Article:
It is completely possible that a subtle change to a company’s processes can affect important KPI’s and leave the data analysts scratching their heads trying to understand what’s happening.

Make the information easily shareable and accessible

Finally, an analytical report should be easy to share and view. This means the report should be capable of being viewed in a live link, can scheduled for a periodic report, shared through email etc.

Another major aspect is that the best analytical reports are interactive. This means executives, decision makers and other team members can play around with the report, change the time frames, dive deeper into key segments, cross-reference with other metrics.

This is especially important for execs who are themselves more skeptical and data oriented. These are people who put their own opinion first and foremost, and are wary of others telling them how “things should be done”.

Analytical report examples

Tracking website landing page conversions

Above is an analytical report built using Databox, with data coming in from HubSpot.

Landing pages are pages on a website specifically designed to convert a website visitor into a “lead” (email subscriber, phone callers etc), or even a paying customer.

The analytical report above breaks down the performance of a website’s landing pages, at all stages of the “pipeline”.

In the case above, the headline figure is the 9.74% conversion rate.Having a good conversion rate is the first step in generating a profitable marketing channel. At least in this regard, the report seems promising.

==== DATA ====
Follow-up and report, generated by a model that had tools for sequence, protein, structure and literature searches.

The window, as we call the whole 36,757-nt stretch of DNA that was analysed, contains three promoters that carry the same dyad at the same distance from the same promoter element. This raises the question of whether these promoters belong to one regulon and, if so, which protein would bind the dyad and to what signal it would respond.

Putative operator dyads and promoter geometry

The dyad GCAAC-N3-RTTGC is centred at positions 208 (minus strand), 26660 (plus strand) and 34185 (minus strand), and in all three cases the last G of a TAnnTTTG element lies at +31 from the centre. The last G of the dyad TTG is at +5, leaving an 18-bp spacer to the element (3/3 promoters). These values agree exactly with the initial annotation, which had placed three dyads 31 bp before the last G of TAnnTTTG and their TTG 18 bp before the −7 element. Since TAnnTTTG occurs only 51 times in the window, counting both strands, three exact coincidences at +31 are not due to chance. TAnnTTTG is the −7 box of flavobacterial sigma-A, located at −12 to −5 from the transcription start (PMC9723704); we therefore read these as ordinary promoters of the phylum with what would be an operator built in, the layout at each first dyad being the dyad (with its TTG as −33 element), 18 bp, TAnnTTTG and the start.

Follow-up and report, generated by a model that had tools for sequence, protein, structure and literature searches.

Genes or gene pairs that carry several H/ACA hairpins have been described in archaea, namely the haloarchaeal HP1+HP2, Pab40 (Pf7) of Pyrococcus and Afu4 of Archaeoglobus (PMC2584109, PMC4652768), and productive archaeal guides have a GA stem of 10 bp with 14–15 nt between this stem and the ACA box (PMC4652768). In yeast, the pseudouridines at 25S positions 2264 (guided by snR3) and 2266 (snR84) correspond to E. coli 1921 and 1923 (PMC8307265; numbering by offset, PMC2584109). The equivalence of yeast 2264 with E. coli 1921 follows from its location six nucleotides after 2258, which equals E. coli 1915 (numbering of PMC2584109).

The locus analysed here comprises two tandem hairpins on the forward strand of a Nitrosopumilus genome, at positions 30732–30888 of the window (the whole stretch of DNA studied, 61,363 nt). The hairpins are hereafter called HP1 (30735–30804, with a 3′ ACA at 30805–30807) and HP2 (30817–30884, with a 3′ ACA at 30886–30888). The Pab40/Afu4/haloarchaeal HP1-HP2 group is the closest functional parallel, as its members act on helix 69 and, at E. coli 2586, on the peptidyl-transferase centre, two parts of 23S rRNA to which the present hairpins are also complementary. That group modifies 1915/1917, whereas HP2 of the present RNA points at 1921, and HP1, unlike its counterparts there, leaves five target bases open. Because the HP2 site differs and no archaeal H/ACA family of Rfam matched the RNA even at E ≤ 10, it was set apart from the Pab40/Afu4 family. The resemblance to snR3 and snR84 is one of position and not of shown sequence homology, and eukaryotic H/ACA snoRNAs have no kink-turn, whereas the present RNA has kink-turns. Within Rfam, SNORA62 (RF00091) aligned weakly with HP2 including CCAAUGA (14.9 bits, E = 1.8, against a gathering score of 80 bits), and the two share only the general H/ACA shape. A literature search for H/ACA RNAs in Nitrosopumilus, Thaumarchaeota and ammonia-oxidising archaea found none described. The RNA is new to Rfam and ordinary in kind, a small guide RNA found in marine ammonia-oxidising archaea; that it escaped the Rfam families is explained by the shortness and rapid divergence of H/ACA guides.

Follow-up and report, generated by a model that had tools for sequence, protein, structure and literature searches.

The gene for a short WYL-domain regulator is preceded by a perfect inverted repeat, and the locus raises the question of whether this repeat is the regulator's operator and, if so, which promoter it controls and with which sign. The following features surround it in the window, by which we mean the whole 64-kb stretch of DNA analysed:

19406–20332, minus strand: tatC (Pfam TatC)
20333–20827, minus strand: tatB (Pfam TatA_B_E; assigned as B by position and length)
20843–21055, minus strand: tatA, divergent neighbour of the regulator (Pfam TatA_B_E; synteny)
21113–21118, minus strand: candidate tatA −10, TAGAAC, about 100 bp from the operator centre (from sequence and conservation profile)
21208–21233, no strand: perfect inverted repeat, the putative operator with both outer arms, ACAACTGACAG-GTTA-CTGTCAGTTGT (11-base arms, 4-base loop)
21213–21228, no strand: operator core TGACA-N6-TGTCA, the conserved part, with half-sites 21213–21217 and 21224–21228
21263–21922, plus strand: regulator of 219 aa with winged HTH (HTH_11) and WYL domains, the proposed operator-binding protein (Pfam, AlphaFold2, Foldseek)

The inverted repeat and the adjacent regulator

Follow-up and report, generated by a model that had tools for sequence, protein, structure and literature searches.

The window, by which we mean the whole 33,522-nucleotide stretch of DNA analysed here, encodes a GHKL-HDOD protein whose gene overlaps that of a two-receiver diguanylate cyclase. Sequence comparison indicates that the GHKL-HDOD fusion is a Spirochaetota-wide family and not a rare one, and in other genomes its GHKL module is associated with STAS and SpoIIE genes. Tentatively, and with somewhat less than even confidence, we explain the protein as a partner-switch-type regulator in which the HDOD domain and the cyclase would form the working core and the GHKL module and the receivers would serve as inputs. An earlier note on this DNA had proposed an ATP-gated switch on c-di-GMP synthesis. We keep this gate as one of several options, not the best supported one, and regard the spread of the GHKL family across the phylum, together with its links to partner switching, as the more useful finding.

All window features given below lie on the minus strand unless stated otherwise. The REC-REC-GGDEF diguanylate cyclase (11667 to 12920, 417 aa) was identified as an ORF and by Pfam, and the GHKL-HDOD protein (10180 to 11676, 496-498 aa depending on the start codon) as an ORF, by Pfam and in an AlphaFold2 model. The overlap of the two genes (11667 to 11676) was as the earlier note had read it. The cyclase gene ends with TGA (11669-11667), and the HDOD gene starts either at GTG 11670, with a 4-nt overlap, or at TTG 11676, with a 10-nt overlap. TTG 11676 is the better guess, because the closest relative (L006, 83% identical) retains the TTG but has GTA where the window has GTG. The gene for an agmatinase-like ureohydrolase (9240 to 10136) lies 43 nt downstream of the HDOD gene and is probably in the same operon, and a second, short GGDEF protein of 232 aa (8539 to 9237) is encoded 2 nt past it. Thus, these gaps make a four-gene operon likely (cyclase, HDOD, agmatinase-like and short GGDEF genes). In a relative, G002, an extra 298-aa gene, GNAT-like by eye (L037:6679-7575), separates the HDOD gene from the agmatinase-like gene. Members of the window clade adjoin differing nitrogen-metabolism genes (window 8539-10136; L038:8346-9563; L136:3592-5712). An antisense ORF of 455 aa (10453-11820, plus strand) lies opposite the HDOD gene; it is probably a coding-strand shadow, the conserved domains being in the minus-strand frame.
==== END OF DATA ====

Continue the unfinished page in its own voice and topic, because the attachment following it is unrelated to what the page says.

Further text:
Next in the pipeline is the Subscription to Contact conversion rate, at 57%. Contacts are actual people that a sales department will get in touch with, either by mail or phone call. The number in this particular marketing pipeline is very good and promising.

Where it all falters however is in the final, and most important metric: obtaining actual customers.

Out of 79 contacts, not one became a customer. This communicates either one or multiple points below:

  • The sales department doesn’t know how to pitch a product (ouch).
  • The product itself may not be good enough for customers.
  • The product is too expensive for what it offers.
  • The product doesn’t actually have a market, and doesn’t answer people’s needs.

Depending on the product or service that’s being pitched, there are multiple possible solutions:

  • Change the pricing structure.
  • Switch up the audience, maybe the marketing team was focused on the demographic.
  • Add new features.
  • Ditch the product.